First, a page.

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Lease Rejected

Created by dave. Last edited by dave, 10 years and 28 days ago. Viewed 3,091 times. #8
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Problem

The camera is not reachable via network. The camera starts up, accepts a dhcp lease, then rejects it 25 seconds later. This log segment is from the DHCP server (a CentOS 4.x OS, running the ISC dhcpd):

Jul  3 09:48:05 stargate dhcpd: DHCPDISCOVER from 00:80:f0:56:46:30 via eth0
Jul  3 09:48:06 stargate dhcpd: DHCPOFFER on 172.31.9.91 to 00:80:f0:56:46:30 via eth0
Jul  3 09:48:06 stargate dhcpd: DHCPREQUEST for 172.31.9.91 (172.31.0.1) from 00:80:f0:56:46:30 via eth0
Jul  3 09:48:06 stargate dhcpd: DHCPACK on 172.31.9.91 to 00:80:f0:56:46:30 via eth0
Jul  3 09:48:19 stargate dhcpd: DHCPRELEASE of 172.31.9.91 from 00:80:f0:56:46:30 via eth0 (not found)

The camera is pingable during the 25 seconds it holds onto the lease but does not respond to web queries. Once the release happens, it no longer responds to pings.

Changing the lease reservation does not fix the problem.

Chaning the lease reservation to a dynamic address (ie a random address from the pool) does not fix the problem. The only difference is when the address comes from a non-reservation, the DHCPRELEASE message says (found) instead of (not found).

Reseting to factory defaults via the hardware button does not clear the issue; in fact, after pressing the reset button, the camera's light flashes orange longer than the manual's advised period of 5 seconds; it appears to go for ever (I stopped waiting after 20 minutes and cycled the power).

I have four other KX-HCM280A cameras on the same network segment which are configured the same and are working properly. All the cameras were disconnected from the network and power for several months. This one is the only one which has failed to come back up. No relevant network changes happened during this period.

I also had a BL-C10 die the same way last year. I threw it away figuring it was a one-off failure. Now that I have a second one fail, I'm wondering if its systemic and/or if there's a way to fix.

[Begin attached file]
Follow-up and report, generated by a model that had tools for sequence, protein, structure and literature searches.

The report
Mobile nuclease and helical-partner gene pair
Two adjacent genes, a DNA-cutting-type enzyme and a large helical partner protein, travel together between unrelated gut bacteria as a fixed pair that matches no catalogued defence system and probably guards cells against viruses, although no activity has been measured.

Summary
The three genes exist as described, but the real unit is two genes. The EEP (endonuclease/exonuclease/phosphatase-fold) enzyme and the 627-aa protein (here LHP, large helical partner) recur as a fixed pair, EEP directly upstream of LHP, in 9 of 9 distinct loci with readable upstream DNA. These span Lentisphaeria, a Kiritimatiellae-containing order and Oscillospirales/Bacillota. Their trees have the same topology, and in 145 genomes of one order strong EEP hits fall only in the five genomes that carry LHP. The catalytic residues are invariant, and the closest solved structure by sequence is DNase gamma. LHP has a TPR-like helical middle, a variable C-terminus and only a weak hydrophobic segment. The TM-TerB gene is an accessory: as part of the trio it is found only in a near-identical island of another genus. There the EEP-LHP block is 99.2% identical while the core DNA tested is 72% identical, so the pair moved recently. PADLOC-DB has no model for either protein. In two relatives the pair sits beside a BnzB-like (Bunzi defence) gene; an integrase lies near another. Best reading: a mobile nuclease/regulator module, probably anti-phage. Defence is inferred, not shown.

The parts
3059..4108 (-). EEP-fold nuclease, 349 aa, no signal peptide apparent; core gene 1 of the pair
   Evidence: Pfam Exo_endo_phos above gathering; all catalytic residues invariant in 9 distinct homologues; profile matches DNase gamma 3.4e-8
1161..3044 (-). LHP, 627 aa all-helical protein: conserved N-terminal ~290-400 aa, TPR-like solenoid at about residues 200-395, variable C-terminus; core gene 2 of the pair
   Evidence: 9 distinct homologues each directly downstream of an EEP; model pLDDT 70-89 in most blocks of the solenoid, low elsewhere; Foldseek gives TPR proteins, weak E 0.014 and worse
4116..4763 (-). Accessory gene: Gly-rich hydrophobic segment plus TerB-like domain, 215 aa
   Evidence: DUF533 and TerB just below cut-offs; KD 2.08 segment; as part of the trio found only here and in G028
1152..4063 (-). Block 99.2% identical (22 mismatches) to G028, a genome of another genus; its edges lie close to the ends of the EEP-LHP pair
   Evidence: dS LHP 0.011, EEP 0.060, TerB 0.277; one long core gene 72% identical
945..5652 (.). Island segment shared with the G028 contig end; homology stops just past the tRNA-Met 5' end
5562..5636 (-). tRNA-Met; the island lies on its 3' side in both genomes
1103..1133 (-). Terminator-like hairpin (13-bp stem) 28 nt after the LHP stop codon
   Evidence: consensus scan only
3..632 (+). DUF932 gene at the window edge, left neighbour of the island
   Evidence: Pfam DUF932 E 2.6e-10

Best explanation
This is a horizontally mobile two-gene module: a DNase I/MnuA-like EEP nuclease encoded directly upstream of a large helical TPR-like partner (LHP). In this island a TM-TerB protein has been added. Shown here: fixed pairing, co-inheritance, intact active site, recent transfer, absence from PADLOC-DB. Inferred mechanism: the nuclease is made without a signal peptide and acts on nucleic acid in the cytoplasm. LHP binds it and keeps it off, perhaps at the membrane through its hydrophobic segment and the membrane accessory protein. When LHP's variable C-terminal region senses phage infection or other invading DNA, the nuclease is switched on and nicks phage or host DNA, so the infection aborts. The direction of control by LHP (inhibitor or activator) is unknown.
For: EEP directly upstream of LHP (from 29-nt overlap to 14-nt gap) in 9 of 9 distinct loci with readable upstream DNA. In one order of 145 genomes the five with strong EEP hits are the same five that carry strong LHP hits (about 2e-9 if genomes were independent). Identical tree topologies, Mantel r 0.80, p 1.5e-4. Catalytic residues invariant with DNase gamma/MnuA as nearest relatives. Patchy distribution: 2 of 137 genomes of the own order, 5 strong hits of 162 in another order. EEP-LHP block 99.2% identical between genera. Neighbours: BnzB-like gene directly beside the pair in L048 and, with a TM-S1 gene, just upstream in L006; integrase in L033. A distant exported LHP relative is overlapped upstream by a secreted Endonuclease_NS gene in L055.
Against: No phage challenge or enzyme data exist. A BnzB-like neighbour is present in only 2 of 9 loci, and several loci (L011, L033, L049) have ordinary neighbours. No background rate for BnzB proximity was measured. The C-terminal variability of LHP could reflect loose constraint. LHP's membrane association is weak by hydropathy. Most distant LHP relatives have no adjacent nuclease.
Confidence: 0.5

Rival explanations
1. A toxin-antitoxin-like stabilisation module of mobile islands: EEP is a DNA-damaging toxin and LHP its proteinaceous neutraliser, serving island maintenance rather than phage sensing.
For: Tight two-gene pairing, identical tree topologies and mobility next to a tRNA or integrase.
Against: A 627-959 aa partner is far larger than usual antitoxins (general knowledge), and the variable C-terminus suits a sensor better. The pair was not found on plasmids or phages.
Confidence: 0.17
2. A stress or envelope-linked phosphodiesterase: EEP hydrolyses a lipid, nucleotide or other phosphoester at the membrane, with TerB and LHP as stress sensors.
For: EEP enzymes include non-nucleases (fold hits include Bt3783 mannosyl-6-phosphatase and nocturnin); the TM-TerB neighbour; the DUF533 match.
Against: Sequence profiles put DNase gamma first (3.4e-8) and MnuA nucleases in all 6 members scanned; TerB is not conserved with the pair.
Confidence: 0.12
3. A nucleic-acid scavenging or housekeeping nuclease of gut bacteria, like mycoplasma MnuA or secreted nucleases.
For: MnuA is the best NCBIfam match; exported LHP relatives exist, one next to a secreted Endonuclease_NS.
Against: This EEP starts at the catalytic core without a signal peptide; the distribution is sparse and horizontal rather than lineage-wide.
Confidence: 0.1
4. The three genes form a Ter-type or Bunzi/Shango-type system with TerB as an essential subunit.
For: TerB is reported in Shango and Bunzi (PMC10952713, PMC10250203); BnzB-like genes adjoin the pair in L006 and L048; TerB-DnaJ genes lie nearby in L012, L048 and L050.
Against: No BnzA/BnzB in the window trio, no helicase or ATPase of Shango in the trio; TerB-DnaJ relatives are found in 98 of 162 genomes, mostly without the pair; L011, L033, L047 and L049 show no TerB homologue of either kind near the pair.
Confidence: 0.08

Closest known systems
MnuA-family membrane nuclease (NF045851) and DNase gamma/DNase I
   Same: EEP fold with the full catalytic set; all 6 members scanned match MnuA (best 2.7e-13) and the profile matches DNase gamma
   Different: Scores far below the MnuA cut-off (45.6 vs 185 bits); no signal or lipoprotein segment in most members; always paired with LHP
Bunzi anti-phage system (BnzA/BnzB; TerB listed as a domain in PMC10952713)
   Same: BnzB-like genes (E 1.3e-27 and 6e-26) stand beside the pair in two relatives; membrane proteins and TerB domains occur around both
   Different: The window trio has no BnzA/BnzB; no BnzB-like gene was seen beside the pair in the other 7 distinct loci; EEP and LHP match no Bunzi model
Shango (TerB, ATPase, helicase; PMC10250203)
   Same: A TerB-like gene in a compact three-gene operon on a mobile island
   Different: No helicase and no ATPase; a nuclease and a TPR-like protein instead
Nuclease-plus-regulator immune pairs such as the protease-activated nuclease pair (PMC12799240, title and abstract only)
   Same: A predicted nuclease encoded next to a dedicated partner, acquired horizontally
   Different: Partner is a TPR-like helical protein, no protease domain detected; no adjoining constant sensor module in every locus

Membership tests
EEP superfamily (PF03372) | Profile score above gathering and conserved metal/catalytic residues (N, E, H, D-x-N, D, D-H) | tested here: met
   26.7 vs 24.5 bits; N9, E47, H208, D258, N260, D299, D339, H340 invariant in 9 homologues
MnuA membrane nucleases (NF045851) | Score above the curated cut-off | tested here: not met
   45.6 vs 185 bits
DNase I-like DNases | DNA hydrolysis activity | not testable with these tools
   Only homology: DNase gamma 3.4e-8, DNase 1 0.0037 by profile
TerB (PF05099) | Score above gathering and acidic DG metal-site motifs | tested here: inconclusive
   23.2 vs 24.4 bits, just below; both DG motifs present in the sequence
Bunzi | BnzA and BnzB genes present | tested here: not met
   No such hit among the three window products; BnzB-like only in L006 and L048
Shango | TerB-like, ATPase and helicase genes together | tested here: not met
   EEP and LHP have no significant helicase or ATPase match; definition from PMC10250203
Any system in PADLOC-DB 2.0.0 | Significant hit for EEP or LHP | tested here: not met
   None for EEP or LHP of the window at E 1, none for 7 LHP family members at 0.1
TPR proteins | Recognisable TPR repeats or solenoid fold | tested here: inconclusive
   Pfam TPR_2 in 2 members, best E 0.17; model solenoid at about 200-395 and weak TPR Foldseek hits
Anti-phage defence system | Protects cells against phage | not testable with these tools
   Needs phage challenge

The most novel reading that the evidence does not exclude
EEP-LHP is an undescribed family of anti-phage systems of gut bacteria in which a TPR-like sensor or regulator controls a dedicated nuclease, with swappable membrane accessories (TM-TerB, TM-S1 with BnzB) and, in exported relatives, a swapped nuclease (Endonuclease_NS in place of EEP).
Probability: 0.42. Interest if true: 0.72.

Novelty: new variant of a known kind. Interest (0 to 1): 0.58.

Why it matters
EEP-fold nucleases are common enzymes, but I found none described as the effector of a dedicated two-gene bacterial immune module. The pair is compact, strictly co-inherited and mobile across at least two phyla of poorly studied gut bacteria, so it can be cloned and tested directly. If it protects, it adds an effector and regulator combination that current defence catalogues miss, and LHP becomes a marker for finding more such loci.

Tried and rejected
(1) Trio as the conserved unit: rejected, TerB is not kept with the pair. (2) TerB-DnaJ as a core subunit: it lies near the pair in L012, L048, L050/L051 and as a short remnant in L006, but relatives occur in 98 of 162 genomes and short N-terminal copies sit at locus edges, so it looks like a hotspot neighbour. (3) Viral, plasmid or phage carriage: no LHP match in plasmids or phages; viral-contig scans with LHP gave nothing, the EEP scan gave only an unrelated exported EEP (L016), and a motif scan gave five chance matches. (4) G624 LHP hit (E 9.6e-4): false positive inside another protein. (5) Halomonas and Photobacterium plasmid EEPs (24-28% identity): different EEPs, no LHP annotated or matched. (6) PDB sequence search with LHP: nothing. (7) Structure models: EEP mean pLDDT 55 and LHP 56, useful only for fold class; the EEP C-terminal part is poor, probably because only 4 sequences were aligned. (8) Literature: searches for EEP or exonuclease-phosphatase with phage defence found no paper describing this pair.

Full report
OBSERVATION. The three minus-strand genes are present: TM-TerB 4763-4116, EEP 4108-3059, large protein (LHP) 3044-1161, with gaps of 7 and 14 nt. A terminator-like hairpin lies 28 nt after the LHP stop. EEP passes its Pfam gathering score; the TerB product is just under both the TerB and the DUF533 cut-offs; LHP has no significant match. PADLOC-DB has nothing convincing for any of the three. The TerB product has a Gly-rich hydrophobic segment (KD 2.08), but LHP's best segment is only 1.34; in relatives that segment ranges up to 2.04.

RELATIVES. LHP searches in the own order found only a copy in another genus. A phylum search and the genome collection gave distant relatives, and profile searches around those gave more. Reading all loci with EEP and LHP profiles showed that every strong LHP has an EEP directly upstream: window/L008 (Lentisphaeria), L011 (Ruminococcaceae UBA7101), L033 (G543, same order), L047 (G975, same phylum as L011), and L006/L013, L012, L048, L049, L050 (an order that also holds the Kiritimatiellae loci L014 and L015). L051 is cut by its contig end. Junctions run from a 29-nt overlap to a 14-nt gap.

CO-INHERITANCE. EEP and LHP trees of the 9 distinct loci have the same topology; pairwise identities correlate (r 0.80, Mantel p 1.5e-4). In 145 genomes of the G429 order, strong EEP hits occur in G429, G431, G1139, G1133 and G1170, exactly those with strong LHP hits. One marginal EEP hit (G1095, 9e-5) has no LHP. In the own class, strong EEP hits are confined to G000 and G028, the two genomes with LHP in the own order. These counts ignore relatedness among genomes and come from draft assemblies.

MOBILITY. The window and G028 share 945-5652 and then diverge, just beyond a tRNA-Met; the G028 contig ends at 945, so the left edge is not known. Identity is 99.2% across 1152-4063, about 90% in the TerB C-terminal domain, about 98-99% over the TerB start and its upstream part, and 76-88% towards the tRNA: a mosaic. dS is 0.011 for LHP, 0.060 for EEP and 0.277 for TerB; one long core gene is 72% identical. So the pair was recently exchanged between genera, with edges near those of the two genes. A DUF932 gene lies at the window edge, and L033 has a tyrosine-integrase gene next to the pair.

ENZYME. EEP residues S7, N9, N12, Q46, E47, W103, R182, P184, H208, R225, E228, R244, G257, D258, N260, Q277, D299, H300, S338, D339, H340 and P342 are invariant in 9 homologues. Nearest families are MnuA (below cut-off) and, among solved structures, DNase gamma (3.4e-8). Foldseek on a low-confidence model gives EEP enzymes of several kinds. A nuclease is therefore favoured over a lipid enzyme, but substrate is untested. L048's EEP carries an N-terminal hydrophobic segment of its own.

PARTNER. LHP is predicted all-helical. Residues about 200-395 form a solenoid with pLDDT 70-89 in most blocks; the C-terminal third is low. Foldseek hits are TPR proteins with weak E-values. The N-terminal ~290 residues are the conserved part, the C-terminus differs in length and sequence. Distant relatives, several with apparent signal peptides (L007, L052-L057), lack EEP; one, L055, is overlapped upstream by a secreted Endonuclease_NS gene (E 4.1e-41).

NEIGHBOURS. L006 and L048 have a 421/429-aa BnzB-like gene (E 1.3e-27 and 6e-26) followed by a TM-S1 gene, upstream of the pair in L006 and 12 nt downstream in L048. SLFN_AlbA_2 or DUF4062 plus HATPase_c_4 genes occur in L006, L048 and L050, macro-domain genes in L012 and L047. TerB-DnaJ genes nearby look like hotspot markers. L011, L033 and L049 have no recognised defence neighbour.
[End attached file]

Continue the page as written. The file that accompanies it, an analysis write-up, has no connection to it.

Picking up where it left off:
About the (found) and (not found) messages

The (not found) and (found) are being generated by my dhcpd server. When you have a lease and the server is sent a DHCPRELEASE message, the dhcpd server looks to see if the lease is present to be released back into the pool of available addresses. If the lease is present, you get the (found) message. If the lease is a reservation, dhcpd doesn't record it, and so can't find it to release it (since there's no point in releasing a reserved IP; there's no functional difference) and you get (not found) instead.

So this has nothing to do with the camera being broken.

Commentary

This page is here as a reference for a Panasonic request I put in. The web form says "600 character maximum; be as specific as possible". My "specificity" requires more than 600 characters.

Also, I'm not in the US. I am in Ottawa, Canada. (In the unlikely event someone from Panasonic reads this.)

Panasonic Support Sucks

The US support team wanted me to call them and provided a 1-800 number, which of course doesn't work in Canada. They asked me to call the Canadian number. I tried four times over the space of a week at varying times of the day and got some variation of the "hold times are in excess of one hour, please try again some other time, <click>!" message.

Word From The Net

Someone emailed me with a note of what worked for him:

I used the reset button and connected to the default ip 192.168.0.253

Then set it to DHCP and I'm all set again, without releases.

The documentation claims this is what is supposed to happen. I tried this several times with mine against a variety of DHCP servers but it didn't work for me.

Got it working

There were some interesting developments.

I did some wireshark snoops of the wire while the camera was active and saw some odd behavior. The camera appeared to be taking a lease, then trying to switch to becoming the default router. Since the existing router didn't seem to like that much, the camera would give up and go sulk.

Tonight I put just the camera and one interface of my computer on a switch and watched it again. It did some kind of ipv6 discovery, then dhcp discovery, then tried again to be the default router from the previous attempts at getting it a lease.

However, once it was reset, it did respond to its default of 192.168.0.253. And from there I could assign it a static IP address.

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